The U.S. Geological Survey (USGS) is widely recognized in the earth science community as possessing extensive collections of earth materials collected by research personnel over the course of its history. In 2006, a Geologic Collections Inventory was conducted within the USGS Geology Discipline to determine the extent and nature of its sample collections, and in 2008, a working group was convened by the USGS National Geologic and Geophysical Data Preservation Program to examine ways in which these collections could be coordinated, cataloged, and made available to researchers both inside and outside the USGS. The charge to this working group was to evaluate the proposition of creating a Geologic Collections Management System (GCMS), a centralized database that would (1) identify all existing USGS geologic collections, regardless of size, (2) create a virtual link among the collections, and (3) provide a way for scientists and other researchers to obtain access to the samples and data in which they are interested. Additionally, the group was instructed to develop criteria for evaluating current collections and to establish an operating plan and set of standard practices for handling, identifying, and managing future sample collections. Policies and procedures promoted by the GCMS would be based on extant best practices established by the National Science Foundation and the Smithsonian Institution. The resulting report—USGS Circular 1410, “The U.S. Geological Survey Geologic Collections Management System (GCMS): A Master Catalog and Collections Management Plan for U.S. Geological Survey Geologic Samples and Sample Collections”—has been developed for sample repositories to be a guide to establishing common practices in the collection, retention, and disposal of geologic research materials throughout the USGS.
While constructing this report, the GCMS’s potential customers and their needs were considered. Two critical definitions have been clarified: a repository is a facility for the long-term management of geologic collections, and a collection is a set of specimens that have been brought together on the basis of some common characteristic. Required sample metadata for newly collected samples, as well as for older collections, were also stipulated and are listed and explained in this report. Several basic policies are also recommended by the GCMS in order to standardize operations among the physical repositories where collections are currently housed. The GCMS Collection Management Plan provides a set of protocols and templates for the management of scientific collections, including access, storage, transfer, and disposal of physical geologic samples and data. This plan is flexible to allow each repository to adapt the practices best suited to its collections.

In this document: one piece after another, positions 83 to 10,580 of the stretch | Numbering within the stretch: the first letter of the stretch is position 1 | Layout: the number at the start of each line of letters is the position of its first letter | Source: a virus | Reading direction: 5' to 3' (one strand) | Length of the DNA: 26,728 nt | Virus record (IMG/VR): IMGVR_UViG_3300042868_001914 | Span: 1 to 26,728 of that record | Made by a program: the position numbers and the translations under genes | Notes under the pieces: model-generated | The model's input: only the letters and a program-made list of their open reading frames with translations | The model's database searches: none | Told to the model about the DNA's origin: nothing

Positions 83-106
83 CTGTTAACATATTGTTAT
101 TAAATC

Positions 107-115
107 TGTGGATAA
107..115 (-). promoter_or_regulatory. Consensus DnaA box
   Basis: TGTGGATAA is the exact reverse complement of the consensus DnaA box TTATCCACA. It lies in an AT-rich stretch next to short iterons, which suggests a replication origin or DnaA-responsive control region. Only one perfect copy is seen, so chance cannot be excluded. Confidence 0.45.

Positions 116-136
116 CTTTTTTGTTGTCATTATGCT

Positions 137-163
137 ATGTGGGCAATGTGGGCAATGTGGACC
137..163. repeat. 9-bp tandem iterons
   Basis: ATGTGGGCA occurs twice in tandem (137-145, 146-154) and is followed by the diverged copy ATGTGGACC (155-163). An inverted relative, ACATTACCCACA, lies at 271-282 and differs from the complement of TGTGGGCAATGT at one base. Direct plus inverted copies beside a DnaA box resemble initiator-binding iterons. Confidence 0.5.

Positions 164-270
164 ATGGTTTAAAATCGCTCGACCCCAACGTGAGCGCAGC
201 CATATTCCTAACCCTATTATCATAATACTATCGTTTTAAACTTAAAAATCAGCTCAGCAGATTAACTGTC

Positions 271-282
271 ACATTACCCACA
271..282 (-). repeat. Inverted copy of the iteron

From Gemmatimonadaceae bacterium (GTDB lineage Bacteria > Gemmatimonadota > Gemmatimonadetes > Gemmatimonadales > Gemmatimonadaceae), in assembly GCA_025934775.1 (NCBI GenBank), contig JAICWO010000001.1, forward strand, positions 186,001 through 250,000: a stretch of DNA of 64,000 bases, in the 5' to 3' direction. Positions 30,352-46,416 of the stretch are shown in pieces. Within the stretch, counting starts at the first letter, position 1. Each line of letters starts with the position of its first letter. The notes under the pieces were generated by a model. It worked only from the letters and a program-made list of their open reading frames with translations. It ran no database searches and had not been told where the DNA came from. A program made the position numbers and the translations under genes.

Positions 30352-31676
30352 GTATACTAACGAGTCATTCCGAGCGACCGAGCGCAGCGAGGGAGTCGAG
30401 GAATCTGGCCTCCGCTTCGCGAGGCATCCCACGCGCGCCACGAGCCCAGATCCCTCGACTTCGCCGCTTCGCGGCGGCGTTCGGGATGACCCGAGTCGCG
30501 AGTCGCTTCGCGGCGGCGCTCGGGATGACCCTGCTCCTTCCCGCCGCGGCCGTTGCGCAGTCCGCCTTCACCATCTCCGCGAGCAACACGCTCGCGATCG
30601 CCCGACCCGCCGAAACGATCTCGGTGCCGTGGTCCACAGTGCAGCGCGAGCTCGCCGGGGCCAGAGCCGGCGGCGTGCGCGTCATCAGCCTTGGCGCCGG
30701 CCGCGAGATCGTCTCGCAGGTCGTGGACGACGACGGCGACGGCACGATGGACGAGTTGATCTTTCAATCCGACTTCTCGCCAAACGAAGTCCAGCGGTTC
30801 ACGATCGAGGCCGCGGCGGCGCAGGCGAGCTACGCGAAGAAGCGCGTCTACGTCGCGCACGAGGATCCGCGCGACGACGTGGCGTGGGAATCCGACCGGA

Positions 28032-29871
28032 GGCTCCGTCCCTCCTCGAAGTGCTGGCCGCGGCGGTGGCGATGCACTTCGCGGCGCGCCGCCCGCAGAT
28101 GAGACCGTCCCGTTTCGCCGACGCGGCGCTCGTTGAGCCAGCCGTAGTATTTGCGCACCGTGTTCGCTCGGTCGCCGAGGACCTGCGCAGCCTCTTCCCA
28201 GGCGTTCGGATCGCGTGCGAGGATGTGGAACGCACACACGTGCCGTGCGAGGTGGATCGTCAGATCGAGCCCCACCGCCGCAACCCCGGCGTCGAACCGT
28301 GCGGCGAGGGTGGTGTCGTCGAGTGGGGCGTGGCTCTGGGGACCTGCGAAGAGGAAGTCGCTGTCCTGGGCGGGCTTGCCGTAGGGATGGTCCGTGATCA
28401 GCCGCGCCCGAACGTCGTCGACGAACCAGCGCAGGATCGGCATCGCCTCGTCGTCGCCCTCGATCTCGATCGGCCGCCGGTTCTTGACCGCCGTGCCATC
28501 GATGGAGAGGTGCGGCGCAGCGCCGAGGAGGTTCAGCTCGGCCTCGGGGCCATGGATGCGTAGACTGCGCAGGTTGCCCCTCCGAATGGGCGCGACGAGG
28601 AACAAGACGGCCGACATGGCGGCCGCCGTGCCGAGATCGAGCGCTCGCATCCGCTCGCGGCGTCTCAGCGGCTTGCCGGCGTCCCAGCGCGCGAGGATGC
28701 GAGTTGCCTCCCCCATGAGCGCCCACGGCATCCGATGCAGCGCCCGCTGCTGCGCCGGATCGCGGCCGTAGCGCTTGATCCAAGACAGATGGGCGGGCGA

The general consideration for implementation of the GCMS is that all active USGS geologic sample repositories will form the core of GCMS and that participating science centers will develop procedures based on proposed GCMS methodologies. The GCMS is a collective resource for the entire USGS community and the users who discover the geologic materials kept in these repositories and seek to access them.
First posted June 3, 2015
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The Geologic Materials Repository Working Group, 2015, The U.S. Geological Survey Geologic Collections Management System (GCMS)—A master catalog and collections management plan for U.S. Geological Survey geologic samples and sample collections: U.S. Geological Survey Circular 1410, 108 p., https://dx.doi.org/10.3133/cir1410.
ISSN 1067-084X (print)
ISSN 2330-5703 (online)
Contributors: The Geologic Materials Repository Working Group
Issues Addressed by the Geologic Collections Management System
Operating Plan for the Geologic Collections Management System
Implementation of the Geologic Collections Management System
References and Resources